By popular request, 'You Don't Know Nothing About Love' is heard here in its original full length single incarnation with the final verse intact, rather than the drastic edit released elsewhere. Jerry also recorded versions of Ihe song on Lorraine Ellison and Howard Tate, but to Ragovoy buffs the Carl Hall original remains untouchable, as does his second Lorna single, 'The Dam Busted'.
In the latter half of the 1960s Jerry Ragovoy took a crack at producing some white rock bands - the
TIME IS ON MY SIDE
Butterfield Blues Band, the Phaetons, the Spike Drivers and the McGowan Boys among them - all without much success, "It's not a question of not understanding the idiom," Ragovoy told Melody Maker. "It's a question of I don't know that I have an affinity, I don't care to deal with groups, I would prefer to always deal with a single artist."
jerry Ragovoy came close to joining Bert Berns at his new Shout label, but the arrangement fell through, although the pair did co-write in 1967 'No One Could Ever Love You' for Freddie Scott, 'Heart Be Still' for Lorraine Ellison and Erma Franklin's 'Piece Of My Heart', three of their finest ever joint efforts, But when Bert Berns was felled by a weak heart on December 30 that year, all hope of future collaborations died with him,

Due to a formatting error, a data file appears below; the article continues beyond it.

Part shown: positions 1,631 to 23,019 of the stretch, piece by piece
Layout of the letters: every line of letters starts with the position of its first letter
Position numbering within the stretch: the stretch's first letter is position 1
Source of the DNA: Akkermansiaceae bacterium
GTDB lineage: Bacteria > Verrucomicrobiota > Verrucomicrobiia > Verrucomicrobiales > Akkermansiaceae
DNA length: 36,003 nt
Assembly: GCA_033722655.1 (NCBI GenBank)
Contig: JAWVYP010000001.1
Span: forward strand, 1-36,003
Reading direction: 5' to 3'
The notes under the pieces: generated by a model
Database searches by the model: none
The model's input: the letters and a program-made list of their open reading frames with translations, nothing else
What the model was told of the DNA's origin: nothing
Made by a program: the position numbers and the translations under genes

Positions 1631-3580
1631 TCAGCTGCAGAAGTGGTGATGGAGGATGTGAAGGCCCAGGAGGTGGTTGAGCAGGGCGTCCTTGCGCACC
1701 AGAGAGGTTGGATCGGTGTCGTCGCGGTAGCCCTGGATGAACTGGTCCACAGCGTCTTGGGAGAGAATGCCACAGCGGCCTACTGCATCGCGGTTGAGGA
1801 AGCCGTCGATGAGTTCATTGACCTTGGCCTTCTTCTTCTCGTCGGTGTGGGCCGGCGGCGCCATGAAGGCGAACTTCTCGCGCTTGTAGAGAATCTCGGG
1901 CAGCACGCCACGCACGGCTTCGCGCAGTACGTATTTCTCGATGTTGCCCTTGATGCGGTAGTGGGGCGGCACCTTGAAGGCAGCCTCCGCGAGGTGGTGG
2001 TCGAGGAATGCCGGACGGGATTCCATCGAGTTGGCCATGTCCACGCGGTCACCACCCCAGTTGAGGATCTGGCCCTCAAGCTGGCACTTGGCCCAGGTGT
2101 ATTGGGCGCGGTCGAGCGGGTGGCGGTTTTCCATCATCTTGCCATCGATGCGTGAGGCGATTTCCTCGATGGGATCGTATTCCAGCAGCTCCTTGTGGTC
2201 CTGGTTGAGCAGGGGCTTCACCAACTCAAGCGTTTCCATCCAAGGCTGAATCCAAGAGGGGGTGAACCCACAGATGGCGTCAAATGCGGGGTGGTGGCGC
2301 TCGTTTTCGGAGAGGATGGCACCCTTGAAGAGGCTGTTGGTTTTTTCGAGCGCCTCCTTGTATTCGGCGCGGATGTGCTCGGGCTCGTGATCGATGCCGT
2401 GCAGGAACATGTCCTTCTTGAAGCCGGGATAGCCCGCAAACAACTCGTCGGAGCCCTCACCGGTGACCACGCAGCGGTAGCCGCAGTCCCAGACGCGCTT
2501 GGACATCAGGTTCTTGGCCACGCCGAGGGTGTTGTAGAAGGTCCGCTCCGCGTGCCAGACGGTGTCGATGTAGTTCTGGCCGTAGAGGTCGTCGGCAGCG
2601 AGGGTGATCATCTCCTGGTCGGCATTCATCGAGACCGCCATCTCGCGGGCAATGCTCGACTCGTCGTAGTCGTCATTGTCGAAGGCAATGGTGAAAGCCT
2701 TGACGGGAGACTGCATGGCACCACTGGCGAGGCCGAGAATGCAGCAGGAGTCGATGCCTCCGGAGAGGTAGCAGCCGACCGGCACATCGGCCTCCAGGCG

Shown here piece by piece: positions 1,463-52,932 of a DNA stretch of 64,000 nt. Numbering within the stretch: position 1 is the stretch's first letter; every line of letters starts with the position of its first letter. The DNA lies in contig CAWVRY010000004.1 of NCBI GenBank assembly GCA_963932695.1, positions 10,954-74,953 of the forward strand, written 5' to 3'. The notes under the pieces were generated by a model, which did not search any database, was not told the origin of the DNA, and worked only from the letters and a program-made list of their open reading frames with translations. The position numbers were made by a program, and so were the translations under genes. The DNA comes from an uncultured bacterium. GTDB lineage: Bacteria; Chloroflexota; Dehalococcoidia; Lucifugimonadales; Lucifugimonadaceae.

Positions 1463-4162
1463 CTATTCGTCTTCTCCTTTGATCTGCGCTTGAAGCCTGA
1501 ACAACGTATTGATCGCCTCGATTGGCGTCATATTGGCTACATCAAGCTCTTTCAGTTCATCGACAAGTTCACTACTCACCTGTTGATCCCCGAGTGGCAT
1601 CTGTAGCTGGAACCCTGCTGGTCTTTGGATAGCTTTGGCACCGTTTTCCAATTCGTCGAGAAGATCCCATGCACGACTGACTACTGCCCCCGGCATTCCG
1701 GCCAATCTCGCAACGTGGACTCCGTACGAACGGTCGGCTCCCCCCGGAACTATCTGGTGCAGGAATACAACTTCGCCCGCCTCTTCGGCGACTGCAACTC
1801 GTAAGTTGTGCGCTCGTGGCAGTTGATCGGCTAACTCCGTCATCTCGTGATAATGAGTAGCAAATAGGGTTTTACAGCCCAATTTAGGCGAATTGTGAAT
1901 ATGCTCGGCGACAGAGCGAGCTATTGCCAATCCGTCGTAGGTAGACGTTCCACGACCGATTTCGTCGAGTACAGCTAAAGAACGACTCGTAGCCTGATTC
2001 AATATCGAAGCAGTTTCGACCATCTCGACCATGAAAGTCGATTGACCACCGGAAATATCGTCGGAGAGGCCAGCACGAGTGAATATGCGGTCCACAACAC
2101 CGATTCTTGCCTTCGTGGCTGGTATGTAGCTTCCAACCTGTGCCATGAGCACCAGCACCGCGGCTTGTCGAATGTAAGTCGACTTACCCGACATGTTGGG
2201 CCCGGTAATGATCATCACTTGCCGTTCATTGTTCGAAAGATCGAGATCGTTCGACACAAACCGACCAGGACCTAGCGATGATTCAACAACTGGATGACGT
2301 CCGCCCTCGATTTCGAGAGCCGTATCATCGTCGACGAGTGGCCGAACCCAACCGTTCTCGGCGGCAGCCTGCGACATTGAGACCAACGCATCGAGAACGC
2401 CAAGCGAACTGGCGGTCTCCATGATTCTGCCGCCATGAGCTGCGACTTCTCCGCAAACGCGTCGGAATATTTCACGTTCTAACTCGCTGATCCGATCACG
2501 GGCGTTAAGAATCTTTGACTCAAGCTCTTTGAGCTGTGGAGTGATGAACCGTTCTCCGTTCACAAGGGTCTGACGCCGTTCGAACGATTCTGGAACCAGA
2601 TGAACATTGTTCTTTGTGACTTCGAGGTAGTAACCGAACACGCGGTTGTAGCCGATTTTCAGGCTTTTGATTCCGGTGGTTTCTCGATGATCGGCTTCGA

Instead, Ragovoy embarked on a new venture, the foundation of the original Hit Factory studio, Located at tl7th & Seventh Ave in NYC in an empty space, Ragovoy built it from the ground up, Later he added two more studios at West 48th St, also created from scratch,
LOU GONZALEZ: "I was offered a job at Vanguard and The Hit Factory at the same time, Vanguard was paying twice as
much money, but something told me to go with The Hit Factory, mostly because of the music and the stature I'd have there, And Ragovoy, t helped build
jerry's second studio over on 48th St,
but that first room was something else, B.B.King, the Band, the Rolling Stones all came through there, It literally was a hit factory - just one after another."